By DAVID MOON, Moon Capital Management
Although I should be used to it by now, I was shocked when I saw this year's
rate increase on our corporate medical insurance. Everyone at Moon Capital
Management is healthy (at least as far as I can tell) and we seldom actually use
the coverage. Why should our premiums increase almost 30 percent?
Then I realized we do not have medical insurance; we have a pre-paid medical
services plan. Insurance is the pooling of certain catastrophic risks
where the risk of loss is relatively minor, but the cost of any single loss
would be devastating. Insurance is not the pre-purchase of services you
know will consume. Consider life insurance. The odds of you dying
next year are relatively low, but the financial consequences are pretty steep:
you will never earn another dime. That is an insurable risk. The
odds of going to the doctor next year, however, are almost guaranteed.
Whether you live in a 30 year-old trailer with multi-colored Astroturf carpet
or a huge house on a hill, you do not insure your home against normal, expected
wear-and-tear. You insure your home against catastrophic losses like fire
or tornadoes. What we call 'medical insurance' today is the equivalent of
insuring your home against the wrong color paint. We have ten dollar
co-payments for doctor office visits. We get two dental checkups per year,
breath mints included. Routine physicals are covered. All of these
services are important -- but appear to be "free" to the patient. And
because the people who make the decision to purchase these services typically
have no immediate and obvious financial interest in the cost of the services, it
is easy to overutilize the medical system.
Imagine if your employer provided a pre-paid car wash plan. Local car washes
would be full everyday. Cars worth only a few hundred dollars would stay
sparkling clean, after receiving hundreds of dollars in "free" car washes each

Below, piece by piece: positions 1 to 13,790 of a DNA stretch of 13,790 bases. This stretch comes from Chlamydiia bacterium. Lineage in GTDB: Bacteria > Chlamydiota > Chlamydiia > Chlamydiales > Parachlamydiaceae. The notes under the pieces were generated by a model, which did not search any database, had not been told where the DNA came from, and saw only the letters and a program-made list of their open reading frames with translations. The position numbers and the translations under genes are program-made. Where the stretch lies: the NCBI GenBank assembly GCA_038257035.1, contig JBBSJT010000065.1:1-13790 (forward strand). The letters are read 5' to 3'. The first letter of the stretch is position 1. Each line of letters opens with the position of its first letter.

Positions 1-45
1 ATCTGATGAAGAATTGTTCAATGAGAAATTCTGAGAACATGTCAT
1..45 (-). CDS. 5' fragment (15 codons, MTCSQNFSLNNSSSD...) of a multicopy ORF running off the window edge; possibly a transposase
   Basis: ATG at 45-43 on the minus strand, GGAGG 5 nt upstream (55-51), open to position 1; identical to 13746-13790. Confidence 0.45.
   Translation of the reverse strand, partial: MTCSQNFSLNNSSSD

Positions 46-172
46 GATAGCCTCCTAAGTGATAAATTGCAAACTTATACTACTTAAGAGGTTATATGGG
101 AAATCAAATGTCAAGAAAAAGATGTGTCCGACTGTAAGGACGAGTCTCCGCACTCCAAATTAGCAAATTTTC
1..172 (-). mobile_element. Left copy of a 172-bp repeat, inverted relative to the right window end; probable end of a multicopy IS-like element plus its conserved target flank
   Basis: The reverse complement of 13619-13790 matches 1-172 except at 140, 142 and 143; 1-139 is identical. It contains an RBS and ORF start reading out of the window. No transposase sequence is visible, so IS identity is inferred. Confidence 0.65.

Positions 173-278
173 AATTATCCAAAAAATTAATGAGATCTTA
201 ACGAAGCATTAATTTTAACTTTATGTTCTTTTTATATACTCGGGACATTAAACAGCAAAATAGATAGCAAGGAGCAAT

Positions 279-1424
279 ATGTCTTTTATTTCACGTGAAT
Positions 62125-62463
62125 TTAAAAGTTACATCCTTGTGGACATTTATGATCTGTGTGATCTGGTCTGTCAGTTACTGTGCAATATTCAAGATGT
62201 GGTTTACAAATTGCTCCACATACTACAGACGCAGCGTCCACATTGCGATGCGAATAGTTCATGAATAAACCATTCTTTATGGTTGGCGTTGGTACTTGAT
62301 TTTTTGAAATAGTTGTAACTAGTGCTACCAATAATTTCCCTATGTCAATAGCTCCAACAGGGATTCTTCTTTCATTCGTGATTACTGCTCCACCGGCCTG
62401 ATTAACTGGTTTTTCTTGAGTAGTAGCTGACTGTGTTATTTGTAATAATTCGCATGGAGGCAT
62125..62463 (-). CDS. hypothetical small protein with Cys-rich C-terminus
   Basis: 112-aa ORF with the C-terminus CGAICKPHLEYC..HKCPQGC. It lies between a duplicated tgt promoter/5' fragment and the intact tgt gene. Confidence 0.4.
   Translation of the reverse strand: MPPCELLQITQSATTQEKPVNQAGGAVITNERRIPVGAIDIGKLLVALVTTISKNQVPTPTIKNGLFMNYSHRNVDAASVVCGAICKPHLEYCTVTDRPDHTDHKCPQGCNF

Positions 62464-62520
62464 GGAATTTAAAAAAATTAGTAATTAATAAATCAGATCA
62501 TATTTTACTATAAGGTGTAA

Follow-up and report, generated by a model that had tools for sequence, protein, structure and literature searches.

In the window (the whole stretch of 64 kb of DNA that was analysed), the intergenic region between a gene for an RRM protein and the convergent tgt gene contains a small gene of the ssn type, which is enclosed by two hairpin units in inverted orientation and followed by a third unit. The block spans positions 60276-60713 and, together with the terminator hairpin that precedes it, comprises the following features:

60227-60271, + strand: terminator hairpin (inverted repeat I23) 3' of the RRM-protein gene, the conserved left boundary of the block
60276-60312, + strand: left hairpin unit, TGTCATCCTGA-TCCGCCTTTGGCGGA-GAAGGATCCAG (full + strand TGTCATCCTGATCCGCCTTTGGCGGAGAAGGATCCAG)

year. Eventually, the increased volume at the car wash businesses would
require more employees and bigger facilities. Costs would increase.
So would the cost of car wash insurance. Someone has to pay for those free
Proper medical care is important, but every ailment does not justify a trip
to the doctor for a battery of tests. Our society expects the medical insurance
equivalent of crab cakes, when fish sticks are often much more efficient and
just as effective.
As a result of our short-term focus, we have given insurance companies (and
in the case of elderly and indigent, the government) the right to ration
healthcare services. In a normal market, consumers self-ration. That
discipline disappears when the consumer has no marginal cost associated with a
specific healthcare transaction. Doctors and hospitals are not
honeysuckles growing wild along the highway, seemingly unlimited in
supply. As long as healthcare resources are fixed, someone will always
ration healthcare. Sadly, the patient and the physician are minor
participants in that process today. If people really understood the
indirect costs involved, we might occasionally opt for the fish sticks -- or, at
least, not order so many crab cakes.
David Moon is president of Moon Capital Management, a
Knoxville-based investment management firm. This article
originally appeared in the News Sentinel (Knoxville, TN).